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The Dark Man (1951) Killer Thriller With A Big Chase Filler…

I wanted a short movie, preferably with a dash of crime, thriller and drama all rolled into one. Oh go on then, chuck in a young sexy lady for a bonus! I’m equal, even throw in a hunky fella to balance it out. Devilish good looks with a cad like pencil thin mustache. Tall, dark and handsome but sorry ladies there’s no gentleman with this guy. He so happens to be a relentless killer! Dubbed The Dark Man! His demeanor is threatening, with a foreboding sinister evil that he’d use to quietly menace and kill with. Truth be told he was also a tad stupid. You see, he had just killed. Blasted a man to death. This guy has no virtues, he shot him straight in the back. You see the man had seen him, not kill, yet the Dark Man had, no he had seen his face. The poor man, who would soon become deceased didn’t realise his fate at first. Then when it dawned it became kind of obvious. It didn’t matter, like I said, his life was over, he wasn’t telling no one. Now if the Dark Man was sensible he’d remove himself from this small town with haste…

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Johnny Nobody (1961) Priest Nigel Patrick Investigates Blasphemy & Divine Intervention

James Ronald Mulcahy (William Bendix) was a successful author. Was this quiet and quaint Irish village actually his birth place? I wasn’t sure. He was an American, maybe the returning prodigal son? With his newest book flying off the shelves he had money to flash. To the dismay of the local residents he had decided to settle within the community and they weren’t practically best pleased. James Mulchay’s mouth was as big as his personality, HUGE!. A thuggish man, large and obnoxious. You see, the village was centered around the parish church and the locals were all God-fearing Catholics. Mulchay’s book on the other hand was centered directly against the Church and the belief of an all seeing and powerful God. He was an atheist and extremely opinionated about it. You didn’t need to ask him or listen to him, he would bulldoze his thoughts onto you as loud as he possibly could. So one thing you didn’t want to see was James Mulchay matching down the road heading for the local pub. Sober he was unbearable but filled with whisky he became the most loathsome, offensive, man on Earth.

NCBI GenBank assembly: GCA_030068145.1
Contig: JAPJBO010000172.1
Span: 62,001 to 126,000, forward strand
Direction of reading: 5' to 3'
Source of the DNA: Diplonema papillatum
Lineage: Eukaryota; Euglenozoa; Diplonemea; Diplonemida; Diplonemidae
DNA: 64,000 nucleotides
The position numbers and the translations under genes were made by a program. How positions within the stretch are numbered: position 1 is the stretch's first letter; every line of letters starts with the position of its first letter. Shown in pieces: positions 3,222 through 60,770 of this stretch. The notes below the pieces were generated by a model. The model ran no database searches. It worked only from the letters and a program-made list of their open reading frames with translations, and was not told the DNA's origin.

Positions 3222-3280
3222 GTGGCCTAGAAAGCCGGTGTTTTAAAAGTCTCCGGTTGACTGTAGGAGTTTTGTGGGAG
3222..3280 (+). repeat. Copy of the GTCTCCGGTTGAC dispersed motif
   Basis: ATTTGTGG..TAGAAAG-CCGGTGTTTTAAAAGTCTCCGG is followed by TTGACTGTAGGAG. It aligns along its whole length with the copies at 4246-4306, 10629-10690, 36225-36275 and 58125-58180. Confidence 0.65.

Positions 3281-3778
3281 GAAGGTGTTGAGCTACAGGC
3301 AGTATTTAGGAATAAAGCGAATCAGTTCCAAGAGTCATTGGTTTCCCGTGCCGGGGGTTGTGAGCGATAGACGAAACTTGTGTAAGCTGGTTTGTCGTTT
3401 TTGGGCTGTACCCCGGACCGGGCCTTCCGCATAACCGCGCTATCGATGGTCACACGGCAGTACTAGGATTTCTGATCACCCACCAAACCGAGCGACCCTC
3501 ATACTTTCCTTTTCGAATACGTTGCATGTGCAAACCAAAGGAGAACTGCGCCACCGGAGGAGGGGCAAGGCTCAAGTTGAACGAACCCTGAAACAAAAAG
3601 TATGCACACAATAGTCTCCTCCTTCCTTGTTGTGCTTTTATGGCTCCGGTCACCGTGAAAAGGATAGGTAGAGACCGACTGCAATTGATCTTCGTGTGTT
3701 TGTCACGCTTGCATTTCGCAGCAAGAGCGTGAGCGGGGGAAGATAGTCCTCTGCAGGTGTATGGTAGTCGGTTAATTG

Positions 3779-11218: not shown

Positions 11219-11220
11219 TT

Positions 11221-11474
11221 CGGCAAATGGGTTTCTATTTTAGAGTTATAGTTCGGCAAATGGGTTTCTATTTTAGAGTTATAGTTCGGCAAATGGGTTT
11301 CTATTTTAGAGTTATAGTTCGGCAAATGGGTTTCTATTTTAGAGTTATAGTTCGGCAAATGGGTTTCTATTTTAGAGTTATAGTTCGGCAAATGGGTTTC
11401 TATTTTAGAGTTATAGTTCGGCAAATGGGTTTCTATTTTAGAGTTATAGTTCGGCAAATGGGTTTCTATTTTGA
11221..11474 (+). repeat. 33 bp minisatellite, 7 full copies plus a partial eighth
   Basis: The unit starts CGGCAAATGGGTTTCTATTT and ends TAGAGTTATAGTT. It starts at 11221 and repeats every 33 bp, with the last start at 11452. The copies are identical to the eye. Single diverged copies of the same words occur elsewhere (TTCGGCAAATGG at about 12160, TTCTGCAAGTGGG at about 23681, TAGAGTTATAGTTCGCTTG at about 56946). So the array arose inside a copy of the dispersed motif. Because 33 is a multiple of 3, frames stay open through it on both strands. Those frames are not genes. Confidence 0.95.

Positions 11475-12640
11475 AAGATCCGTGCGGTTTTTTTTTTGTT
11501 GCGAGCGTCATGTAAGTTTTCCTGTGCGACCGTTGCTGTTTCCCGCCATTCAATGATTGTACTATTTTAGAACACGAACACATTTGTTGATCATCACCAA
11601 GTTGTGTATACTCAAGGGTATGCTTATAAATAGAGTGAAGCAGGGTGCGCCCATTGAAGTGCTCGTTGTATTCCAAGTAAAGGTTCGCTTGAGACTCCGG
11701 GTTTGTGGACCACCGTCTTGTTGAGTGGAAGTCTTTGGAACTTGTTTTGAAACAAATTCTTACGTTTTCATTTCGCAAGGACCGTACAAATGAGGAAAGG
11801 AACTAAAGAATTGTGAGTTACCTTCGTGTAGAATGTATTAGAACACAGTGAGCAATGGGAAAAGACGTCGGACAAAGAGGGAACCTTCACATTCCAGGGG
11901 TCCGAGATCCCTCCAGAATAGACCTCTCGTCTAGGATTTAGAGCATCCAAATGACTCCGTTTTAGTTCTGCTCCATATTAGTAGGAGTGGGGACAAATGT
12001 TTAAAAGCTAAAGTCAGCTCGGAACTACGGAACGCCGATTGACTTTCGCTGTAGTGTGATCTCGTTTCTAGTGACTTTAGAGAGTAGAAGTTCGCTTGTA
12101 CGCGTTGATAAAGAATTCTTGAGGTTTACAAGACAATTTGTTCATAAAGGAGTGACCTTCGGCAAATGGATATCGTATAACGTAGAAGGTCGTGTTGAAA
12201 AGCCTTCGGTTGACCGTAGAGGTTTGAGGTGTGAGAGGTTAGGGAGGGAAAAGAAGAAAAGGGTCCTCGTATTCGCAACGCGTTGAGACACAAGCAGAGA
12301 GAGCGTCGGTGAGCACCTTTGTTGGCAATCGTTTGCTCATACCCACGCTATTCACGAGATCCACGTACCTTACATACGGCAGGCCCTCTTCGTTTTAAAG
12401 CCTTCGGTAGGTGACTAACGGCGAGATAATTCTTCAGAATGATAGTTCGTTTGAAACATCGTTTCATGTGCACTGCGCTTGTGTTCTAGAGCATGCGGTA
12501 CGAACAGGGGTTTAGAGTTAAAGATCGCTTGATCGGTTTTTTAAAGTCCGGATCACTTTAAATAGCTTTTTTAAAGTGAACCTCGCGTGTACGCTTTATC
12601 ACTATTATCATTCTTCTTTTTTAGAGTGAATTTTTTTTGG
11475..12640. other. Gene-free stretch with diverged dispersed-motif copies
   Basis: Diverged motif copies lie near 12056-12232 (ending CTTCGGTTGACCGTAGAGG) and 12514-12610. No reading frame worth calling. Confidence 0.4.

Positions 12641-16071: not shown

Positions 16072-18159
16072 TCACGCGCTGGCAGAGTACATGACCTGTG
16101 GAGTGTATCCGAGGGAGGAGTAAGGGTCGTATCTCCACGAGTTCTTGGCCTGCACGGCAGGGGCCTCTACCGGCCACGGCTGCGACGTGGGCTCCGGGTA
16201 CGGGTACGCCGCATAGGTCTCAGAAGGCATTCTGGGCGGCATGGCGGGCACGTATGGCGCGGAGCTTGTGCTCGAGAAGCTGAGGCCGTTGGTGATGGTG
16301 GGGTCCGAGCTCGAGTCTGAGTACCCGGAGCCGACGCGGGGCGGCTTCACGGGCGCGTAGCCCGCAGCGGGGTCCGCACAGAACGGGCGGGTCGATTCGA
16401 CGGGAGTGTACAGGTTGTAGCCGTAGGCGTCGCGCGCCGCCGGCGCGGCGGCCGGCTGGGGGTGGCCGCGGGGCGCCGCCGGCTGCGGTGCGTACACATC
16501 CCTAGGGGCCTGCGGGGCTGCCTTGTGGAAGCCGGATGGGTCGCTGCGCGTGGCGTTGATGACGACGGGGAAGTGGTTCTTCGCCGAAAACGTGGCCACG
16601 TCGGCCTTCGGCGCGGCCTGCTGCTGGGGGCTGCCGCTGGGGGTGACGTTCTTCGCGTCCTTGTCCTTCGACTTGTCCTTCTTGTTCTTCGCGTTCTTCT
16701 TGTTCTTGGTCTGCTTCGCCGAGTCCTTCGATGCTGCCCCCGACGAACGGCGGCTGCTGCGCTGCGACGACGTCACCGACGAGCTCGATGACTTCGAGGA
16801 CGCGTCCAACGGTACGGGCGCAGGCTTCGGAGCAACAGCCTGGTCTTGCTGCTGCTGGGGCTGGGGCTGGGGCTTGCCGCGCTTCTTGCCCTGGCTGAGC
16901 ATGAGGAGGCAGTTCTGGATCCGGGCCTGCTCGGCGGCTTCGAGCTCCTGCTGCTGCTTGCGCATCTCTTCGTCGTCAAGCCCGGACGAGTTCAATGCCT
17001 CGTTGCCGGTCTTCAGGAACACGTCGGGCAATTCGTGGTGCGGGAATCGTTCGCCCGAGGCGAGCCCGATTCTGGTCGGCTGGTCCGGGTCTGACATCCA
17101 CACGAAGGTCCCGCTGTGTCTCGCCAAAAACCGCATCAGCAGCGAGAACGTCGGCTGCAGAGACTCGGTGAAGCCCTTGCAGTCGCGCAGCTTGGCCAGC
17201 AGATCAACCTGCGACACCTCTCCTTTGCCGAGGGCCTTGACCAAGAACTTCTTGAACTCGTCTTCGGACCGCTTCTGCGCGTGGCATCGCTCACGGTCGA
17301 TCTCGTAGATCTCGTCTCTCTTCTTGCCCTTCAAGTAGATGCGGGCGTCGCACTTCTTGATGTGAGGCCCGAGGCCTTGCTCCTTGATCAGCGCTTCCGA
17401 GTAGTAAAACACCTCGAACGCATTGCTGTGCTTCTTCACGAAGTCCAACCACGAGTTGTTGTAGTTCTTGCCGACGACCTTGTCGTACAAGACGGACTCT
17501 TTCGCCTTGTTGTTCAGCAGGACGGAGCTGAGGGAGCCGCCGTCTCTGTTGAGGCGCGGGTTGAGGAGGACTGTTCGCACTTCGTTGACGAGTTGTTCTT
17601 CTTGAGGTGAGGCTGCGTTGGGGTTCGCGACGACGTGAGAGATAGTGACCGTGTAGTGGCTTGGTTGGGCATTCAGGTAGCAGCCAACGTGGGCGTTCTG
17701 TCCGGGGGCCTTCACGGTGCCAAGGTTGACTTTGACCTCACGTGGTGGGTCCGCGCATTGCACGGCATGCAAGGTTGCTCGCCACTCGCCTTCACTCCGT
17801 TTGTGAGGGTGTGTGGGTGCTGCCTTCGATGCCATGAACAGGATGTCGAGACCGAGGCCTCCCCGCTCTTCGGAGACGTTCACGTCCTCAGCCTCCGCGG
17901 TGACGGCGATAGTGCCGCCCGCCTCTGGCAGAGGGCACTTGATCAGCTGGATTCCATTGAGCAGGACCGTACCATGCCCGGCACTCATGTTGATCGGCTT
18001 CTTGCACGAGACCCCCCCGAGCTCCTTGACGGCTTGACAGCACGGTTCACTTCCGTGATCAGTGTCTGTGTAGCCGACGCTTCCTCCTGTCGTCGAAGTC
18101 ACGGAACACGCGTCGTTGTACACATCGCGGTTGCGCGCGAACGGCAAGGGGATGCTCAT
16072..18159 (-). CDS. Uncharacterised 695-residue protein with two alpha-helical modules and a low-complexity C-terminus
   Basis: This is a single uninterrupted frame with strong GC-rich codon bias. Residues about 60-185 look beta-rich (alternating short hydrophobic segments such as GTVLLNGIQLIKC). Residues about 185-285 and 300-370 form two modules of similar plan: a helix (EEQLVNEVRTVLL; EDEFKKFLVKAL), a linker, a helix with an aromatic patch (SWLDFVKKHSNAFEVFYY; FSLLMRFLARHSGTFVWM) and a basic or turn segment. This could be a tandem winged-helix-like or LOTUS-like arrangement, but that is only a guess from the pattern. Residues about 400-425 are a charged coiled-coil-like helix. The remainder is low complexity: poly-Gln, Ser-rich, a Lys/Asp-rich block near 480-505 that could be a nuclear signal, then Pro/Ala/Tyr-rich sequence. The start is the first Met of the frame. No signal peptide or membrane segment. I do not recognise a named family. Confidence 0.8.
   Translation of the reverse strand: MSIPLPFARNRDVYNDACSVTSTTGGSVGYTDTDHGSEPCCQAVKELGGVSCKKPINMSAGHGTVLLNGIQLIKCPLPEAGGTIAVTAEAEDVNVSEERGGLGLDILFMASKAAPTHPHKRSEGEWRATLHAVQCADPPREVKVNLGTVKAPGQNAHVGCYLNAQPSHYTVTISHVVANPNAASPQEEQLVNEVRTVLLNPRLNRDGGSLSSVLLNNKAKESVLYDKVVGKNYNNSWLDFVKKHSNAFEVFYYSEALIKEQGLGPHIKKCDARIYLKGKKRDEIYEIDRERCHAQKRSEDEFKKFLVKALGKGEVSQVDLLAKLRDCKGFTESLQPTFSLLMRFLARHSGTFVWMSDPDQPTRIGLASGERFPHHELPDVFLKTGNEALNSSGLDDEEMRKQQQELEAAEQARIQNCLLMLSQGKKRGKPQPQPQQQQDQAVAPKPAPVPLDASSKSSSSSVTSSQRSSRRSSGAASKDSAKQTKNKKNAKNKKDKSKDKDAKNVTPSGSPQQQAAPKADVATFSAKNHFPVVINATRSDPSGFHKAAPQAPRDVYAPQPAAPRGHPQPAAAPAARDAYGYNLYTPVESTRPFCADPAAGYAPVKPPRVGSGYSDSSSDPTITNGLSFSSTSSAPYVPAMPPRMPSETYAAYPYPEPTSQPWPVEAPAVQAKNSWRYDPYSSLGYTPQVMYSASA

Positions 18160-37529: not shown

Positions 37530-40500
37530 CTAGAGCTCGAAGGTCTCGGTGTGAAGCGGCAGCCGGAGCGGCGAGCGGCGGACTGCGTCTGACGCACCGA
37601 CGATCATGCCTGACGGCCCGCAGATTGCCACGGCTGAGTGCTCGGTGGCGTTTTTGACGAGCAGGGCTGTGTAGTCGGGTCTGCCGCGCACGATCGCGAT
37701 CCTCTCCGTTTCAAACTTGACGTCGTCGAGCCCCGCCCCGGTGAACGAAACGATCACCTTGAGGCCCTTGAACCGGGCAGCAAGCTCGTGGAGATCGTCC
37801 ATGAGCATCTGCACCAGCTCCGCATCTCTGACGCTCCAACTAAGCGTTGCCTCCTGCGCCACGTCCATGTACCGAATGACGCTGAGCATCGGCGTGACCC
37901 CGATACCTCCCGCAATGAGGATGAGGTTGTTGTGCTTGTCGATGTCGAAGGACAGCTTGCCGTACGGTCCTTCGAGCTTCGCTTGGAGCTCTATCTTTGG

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The Window (1949) And The Tragic Case Of Bobby Driscoll

Firstly, anyone heard “crying wolf” anywhere around me will be getting a jolly good telling off, that’s for sure. Using my esteemed name in vain, well whatever next? Further more, wolf’s don’t cry! And don’t listen to those wicked rumours about that wolf shaped ball of fluff, whimpering and sobbing at the back of the Odeon cinema in 1999 during the opening scene of Disney’s Tarzan. It simply wasn’t true, it was not! Sniffles. Oh no, I’ve just thought back to it. “Oh dang it! pass the tissues, please!“. Ok the legend of the crying wolf is true so I’ll let you use the quotation for the Aesop’s Fable to start the film.

Opening intro –The boy cried ‘wolf’. ‘Wolf’ several times and each time the people came to help him they found that there wasn’t any ‘wolf.”

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Moonrise (1948) Bad Killer Blood Runs Through His Veins

Off I set on another of my travels through film. This time Moonrise from 1948. Didn’t know much about it. The way I like it. Only recently stumbled across it. A film noir it says. I guessed the usual crime filled drama affair? Had to have a love story, you can see that on the movie poster (Haha not the image I used). In I went! All nice and chilled with the opening credits accompanied with a full orchestra bashing out a melody of uplifting, stirring strings……. until then!…